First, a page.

Tony’s comments point to the attempt of curating one’s news sources in such a way that includes multiple perspectives, which was a theme that recurred across many interviews. Sam, a white administrative employee in his 30s, stated: “I follow the Marine Corps Times…not so much [for] the stories but exclusively the commentary, because that is where you have a large group of Marine veterans or allies…I’m more aware of what’s out there on a national level just because I was exposed to those people. Growing up [in the Chicago area], we’re in our own bubble, but then those four years of active duty opened my mind.”

Mindful processing

Sam’s comment indicates mindfulness about how the content of the news is processed. In some cases, this meant a reflexive stance about the sources and content of the information to which a person chooses to expose herself. Daniel, a young white attorney, shared that he has “come to conclude that a lot of the stuff I follow is extremely liberal leaning and I haven’t figured out a way to temper it. And it’s really negative and doesn’t really make me feel any better about how the days are going. But yeah, I see it and I recognize it. I should probably try to introduce some more conservative media points, but I can’t bring myself to do it either [laughs].”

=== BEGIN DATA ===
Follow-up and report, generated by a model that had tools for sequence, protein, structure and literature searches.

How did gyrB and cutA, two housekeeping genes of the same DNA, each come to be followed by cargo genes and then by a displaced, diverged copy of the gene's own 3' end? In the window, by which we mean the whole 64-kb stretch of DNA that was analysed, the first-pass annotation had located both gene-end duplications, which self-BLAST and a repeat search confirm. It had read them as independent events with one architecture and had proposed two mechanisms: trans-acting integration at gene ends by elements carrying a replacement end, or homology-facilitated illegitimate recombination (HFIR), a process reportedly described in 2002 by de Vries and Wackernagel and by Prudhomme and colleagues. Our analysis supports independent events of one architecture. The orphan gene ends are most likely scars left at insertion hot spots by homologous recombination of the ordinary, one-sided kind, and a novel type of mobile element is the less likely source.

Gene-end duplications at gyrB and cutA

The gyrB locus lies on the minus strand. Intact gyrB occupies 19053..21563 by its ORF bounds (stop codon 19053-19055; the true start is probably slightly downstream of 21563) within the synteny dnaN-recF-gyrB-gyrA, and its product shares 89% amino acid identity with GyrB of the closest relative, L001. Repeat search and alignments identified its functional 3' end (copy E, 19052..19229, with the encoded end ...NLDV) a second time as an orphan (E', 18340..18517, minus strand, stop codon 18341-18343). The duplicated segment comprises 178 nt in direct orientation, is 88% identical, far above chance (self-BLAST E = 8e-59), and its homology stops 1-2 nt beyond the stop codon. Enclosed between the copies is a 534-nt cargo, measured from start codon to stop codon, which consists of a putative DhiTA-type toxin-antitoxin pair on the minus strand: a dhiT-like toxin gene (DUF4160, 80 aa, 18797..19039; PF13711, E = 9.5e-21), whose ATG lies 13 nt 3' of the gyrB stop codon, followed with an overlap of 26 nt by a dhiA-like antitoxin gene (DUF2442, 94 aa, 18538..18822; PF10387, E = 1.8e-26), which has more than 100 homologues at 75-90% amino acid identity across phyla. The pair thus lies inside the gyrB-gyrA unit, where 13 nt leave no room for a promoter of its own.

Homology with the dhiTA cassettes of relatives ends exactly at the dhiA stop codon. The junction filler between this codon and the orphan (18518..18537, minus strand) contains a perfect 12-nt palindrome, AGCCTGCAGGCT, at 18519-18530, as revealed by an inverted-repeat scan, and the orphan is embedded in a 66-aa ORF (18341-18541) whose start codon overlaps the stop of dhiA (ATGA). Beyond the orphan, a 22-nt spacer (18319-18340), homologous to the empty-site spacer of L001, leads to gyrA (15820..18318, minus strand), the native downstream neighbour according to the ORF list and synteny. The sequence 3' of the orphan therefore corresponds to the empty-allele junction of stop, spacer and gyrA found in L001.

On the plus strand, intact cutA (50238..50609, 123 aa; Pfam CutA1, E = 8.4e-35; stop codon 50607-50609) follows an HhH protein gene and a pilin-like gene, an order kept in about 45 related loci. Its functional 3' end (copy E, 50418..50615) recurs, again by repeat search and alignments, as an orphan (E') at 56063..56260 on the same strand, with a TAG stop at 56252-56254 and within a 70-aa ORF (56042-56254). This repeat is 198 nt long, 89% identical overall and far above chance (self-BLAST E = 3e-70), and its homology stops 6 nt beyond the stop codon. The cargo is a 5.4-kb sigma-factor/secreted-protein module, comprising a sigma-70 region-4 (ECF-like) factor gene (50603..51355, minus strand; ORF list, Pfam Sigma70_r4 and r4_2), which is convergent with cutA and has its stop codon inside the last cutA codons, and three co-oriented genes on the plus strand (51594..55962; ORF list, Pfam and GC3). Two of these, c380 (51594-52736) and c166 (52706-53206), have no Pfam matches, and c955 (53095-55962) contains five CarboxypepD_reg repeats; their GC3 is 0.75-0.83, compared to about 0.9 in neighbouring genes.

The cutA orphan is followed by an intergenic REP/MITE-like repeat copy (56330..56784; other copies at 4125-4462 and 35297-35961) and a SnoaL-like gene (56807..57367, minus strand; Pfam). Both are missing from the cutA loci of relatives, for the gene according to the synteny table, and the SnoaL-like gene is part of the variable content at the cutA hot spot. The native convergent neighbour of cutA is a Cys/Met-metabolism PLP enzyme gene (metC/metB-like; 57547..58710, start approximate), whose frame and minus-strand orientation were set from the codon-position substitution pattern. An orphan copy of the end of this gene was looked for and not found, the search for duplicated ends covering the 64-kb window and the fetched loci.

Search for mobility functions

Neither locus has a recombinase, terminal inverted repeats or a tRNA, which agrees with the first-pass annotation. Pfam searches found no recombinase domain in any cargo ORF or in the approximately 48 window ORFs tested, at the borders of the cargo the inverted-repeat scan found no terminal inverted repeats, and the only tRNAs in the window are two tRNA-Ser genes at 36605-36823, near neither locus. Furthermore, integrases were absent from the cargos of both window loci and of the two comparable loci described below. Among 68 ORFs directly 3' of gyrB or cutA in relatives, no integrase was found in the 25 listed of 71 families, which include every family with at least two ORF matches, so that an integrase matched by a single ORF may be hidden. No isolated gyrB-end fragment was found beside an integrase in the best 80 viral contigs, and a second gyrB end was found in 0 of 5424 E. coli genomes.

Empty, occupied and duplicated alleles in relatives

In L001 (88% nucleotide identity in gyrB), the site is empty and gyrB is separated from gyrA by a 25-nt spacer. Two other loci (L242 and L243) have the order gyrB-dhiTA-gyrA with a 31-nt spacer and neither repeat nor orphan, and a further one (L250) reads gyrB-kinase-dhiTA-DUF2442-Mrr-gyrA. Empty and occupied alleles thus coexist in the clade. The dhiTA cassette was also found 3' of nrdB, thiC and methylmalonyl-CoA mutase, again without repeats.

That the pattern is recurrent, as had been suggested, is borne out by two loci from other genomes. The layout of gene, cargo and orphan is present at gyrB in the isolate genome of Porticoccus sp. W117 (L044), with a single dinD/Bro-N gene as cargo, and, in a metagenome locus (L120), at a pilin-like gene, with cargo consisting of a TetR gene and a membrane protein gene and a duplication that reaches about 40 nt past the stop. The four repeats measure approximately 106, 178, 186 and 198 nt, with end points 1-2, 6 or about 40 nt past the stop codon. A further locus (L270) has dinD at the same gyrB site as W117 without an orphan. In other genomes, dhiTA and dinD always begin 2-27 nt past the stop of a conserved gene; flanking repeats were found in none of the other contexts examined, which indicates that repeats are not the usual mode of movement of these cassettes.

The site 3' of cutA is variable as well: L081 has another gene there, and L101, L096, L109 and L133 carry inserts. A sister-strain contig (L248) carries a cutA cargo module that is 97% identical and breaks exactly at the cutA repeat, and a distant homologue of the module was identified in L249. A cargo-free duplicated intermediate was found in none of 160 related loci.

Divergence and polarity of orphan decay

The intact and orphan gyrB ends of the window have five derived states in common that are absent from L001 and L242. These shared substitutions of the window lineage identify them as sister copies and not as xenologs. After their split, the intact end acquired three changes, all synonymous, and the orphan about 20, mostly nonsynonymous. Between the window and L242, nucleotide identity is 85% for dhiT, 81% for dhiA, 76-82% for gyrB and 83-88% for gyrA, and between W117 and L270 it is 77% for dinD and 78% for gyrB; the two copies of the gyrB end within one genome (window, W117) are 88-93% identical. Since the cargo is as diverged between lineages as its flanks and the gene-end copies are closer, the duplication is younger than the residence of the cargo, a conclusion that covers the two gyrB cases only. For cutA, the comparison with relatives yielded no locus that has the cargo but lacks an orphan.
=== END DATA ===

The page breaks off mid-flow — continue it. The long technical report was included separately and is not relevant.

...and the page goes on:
Ofelia, a Latina housewife in her 50s whose preferred source is Fox News (but who regularly watches CNN to get an alternative perspective), noted a negative slant towards President Trump in the latter, and thought this was due to the fact that “it is the first time that there is a candidate that is more complex and that people see as controversial…They don’t like how he talks or deals with issues…So, this gives more power to the media…[But] I see beyond whether I like how he talks or what he says…And I don’t feel personally attacked. As opposed to people who say “as a woman I feel offended,” I don’t! Or as a minority, either!”